The Thing About Today – October 22

October 22, 2020
Day 296 of 366

October 22nd is the 296th day of the year. It is Wombat Day in Australia, despite the fact that they are considered to be nuisances by farmers.

In the United States, today is “celebrated” as National Make a Dog’s Day, National Nut Day, and National Color Day.

Historical items of note:

  • In 1746, the College of New Jersey (later renamed Princeton University) received its charter.
  • In 1811, Hungarian pianist and composer Franz Liszt was born.
  • In 1938, English actor Derek Jacobi was born.
  • Also in 1938, actor, comedian and producer Christopher Lloyd was born.
  • In 1844, followers of Baptist preacher William Miller, known as Millerites, anticipated the end of the world in conjunction with the Second Advent of Christ. The following day became known as the Great Disappointment. After his proclamation of the Second Coming did not occur as expected, new heirs of his message emerged, including the Advent Christians (1860), the Seventh-day Adventists (1863), and other Adventist movements.
  • In 1879, Thomas Edison tested the first practical electric incandescent light bulb using a filament of carbonized thread. It lasted 13​12 hours before burning out.
  • In 1883, the Metropolitan Opera House in New York City opened with a performance of Gounod’s Faust.
  • In 1910, Hawley Harvey Crippen was convicted of poisoning his wife. He was the first felon to be arrested with the help of radio.
  • In 1942, actress and singer Annette Funicello was born. She was one of the most popular Mouseketeers on the original Mickey Mouse Club.
  • In 1943, actress Catherine Deneuve was born.
  • In 1952, actor and producer Jeff Goldblum was born.
  • In 1959, film and Broadway composer Marc Shaiman was born.
  • In 1964, Jean-Paul Sartre was awarded the Nobel Prize in Literature, but turned down the honor.
  • Also in 1964, an all-party Parliamentary Committee selected the design which would become the new official flag of Canada.
  • In 1966, The Supremes became the first all-female music group to attain a #1 selling album with The Supremes A’ Go-Go.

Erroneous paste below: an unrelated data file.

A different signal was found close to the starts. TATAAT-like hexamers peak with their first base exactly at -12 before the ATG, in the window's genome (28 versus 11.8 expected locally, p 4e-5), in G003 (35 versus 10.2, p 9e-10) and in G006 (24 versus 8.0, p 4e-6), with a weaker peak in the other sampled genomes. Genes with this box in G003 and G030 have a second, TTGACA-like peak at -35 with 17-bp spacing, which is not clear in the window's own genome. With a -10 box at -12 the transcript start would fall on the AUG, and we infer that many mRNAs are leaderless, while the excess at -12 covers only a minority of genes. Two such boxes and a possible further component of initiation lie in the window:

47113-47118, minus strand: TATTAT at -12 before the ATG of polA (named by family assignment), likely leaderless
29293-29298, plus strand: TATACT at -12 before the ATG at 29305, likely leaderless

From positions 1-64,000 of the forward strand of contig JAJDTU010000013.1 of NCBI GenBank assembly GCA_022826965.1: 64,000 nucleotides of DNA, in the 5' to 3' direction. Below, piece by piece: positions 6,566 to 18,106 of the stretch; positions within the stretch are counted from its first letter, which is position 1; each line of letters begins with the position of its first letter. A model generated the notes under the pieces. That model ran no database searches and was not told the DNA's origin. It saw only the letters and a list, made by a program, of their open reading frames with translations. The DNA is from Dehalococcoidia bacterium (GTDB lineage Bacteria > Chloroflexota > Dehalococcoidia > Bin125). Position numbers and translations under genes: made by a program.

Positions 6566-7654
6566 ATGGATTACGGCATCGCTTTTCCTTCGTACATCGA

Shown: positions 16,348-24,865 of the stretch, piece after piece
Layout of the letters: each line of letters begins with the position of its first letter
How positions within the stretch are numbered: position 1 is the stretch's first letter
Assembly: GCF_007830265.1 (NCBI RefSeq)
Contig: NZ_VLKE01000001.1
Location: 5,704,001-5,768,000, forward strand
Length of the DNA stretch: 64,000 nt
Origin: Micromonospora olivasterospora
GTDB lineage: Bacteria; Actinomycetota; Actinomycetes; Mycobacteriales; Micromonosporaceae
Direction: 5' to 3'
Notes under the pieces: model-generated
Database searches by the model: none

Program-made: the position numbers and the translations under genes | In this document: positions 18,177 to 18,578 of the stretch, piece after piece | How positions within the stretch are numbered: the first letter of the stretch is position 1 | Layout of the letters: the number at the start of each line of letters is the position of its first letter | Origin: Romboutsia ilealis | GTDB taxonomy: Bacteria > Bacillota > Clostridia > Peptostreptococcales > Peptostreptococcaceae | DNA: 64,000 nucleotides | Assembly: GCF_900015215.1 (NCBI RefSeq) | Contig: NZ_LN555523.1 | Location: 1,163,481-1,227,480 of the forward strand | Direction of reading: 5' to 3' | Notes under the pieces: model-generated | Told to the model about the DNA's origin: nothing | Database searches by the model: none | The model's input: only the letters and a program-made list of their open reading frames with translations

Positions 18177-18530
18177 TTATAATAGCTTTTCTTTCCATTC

• Also in 1966, the Soviet Union launched Luna 12.
  • In 1968, Apollo 7 safely splashed down in the Atlantic Ocean after orbiting the Earth 163 times.
  • In 1975, the Soviet unmanned space mission Venera 9 landed on Venus.
  • In 1976, Red Dye No. 4 was banned by the US Food and Drug Administration after it was discovered to causes tumors in the bladders of dogs.
  • In 1983, two correctional officers were killed by inmates at the United States Penitentiary in Marion, Illinois, thus inspiring the Supermax model of prisons.
  • In 2008, India launched its first unmanned lunar mission, Chandrayaan-1.
  • In 2013, the Australian Capital Territory became the first Australian jurisdiction to legalize same-sex marriage with the Marriage Equality (Same Sex) Act 2013.
  • Also in 2013, Thor: The Dark World premiered.
  • In 2019, Same-sex marriage was legalized and abortion was decriminalized in Northern Ireland. This was as a result of the Northern Ireland Assembly not being restored.

October 22nd is International Stuttering Awareness Day.

Also known as International Stammering Awareness Day in the United Kingdom and Ireland, the day is intended to raise public awareness of the issues faced by millions of people – one percent of the world’s population – who stutter, or stammer.

Every year, stuttering communities and associations worldwide host events and campaign to highlight how certain aspects of society can be difficult for people who stammer. They challenge negative attitudes and discrimination, and they debunk myths that people who stammer are nervous or less intelligent.

The event also celebrates the many notable figures who stammer who have made a mark on the world now and throughout history in the fields of science, politics, philosophy, art, cinema and music.

The Thing About Today is an effort to look at each day of 2020 with respect to its historical context.

For more creativity with a critical eye, visit Creative Criticality.

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